Similarly, Unicode’s category Cc codepoints correspond to the ECMA-35 CL and CR regions having undergone the padding in question. When in UTF-16 or UTF-32, that is. While it is certainly possible for a terminal designed for thorough UTF-8 support from square one to recognise the UTF-8 codes for the CR region as C1 controls, this isn’t necessarily the case (nor would it be especially helpful, since they would be the same number of bytes as the escape sequences anyway). While some terminals might recognise isolated UTF-8 continuation bytes as C1 controls (which is not, of course, strictly valid UTF-8), the recommended representation is (like in non-ECMA-35 encodings such as DOS-850 or Windows-1252) the 7-bit escape code, in practice.


Unrelatedly, generating a chart from the available mapping data for the mysterious KPS 10721 raises more questions than answers. Its trail bytes occupy the full range 0x00–0xFF, while its lead bytes occupy the range 0x34–0x92. Both are confusing, but it is the lead byte range which is the most confusing.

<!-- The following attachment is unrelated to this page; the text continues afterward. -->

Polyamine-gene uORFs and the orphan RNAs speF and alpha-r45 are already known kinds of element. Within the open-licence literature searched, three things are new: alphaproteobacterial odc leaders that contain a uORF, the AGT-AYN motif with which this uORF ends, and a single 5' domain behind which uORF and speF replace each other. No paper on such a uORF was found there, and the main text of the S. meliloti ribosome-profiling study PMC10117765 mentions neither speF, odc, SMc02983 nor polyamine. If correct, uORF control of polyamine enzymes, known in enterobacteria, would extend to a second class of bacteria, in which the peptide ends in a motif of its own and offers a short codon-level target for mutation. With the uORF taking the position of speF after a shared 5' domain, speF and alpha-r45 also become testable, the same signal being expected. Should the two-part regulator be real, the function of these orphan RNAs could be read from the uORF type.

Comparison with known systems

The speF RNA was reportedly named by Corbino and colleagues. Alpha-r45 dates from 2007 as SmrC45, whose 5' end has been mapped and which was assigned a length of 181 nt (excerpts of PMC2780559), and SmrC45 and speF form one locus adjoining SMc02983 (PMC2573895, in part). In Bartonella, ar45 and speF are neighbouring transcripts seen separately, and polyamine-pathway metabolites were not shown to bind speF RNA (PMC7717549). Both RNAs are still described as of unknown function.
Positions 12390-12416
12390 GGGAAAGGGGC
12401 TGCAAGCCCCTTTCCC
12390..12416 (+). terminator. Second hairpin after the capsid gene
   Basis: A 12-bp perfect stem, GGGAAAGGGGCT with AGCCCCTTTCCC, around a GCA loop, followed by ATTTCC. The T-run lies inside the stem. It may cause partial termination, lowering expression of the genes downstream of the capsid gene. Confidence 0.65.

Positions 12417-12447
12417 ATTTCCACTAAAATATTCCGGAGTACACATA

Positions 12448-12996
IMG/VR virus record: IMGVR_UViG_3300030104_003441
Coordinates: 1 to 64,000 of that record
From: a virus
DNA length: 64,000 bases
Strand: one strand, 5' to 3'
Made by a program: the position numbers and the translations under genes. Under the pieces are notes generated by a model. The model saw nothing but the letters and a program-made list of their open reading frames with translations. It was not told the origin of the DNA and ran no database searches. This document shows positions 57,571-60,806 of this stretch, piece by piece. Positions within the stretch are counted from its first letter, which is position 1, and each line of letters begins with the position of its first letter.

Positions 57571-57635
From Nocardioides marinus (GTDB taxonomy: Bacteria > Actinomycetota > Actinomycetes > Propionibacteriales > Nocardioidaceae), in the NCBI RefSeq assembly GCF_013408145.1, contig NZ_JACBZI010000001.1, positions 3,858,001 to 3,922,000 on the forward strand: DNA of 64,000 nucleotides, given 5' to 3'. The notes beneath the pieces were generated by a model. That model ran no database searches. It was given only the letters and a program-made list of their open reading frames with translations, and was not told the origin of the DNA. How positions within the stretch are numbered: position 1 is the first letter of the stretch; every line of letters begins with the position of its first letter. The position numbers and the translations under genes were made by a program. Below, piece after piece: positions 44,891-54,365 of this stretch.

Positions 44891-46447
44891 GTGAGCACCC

While it does not seem to overlap with 0xA1–0xFE, and can therefore co-exist with the main plane of KPS 9566 when it’s encoded over that region (excluding the UHC-style additions from 2003 and 2011, which it presumably predates since it is from 2000), it cannot co-exist with ASCII. While not co-existing with ASCII isn’t necessarily truly bizarre, KPS 9566 was certainly designed to (hence its usual invocation over 0xA1–0xFE, even in its Unihan source references) and 0x34 is a very odd place to start… unless there are non-hanja rows before it for which the mapping and charts are not available outside of North Korea.

It’s not even clear whether the C0 controls (assuming they’re even used) are encoded with one or two bytes, since most encodings which retain the use of one-byte C0 controls avoid using them as trail bytes altogether, and the trail byte range is clearly 0x00–0xFF (in a seemingly seamless fashion, so this does not seem to be an obvious extension of something earlier, unlike e.g. KPS 9566-2011 versus KPS 9566-97).

It could, of course, be like its South Korean counterparts which, while defining codepoints, are not encodeable in any existing encoding nor very useful in isolation (due to only including relatively uncommon characters), and hence are mainly notable as Unicode sources alone.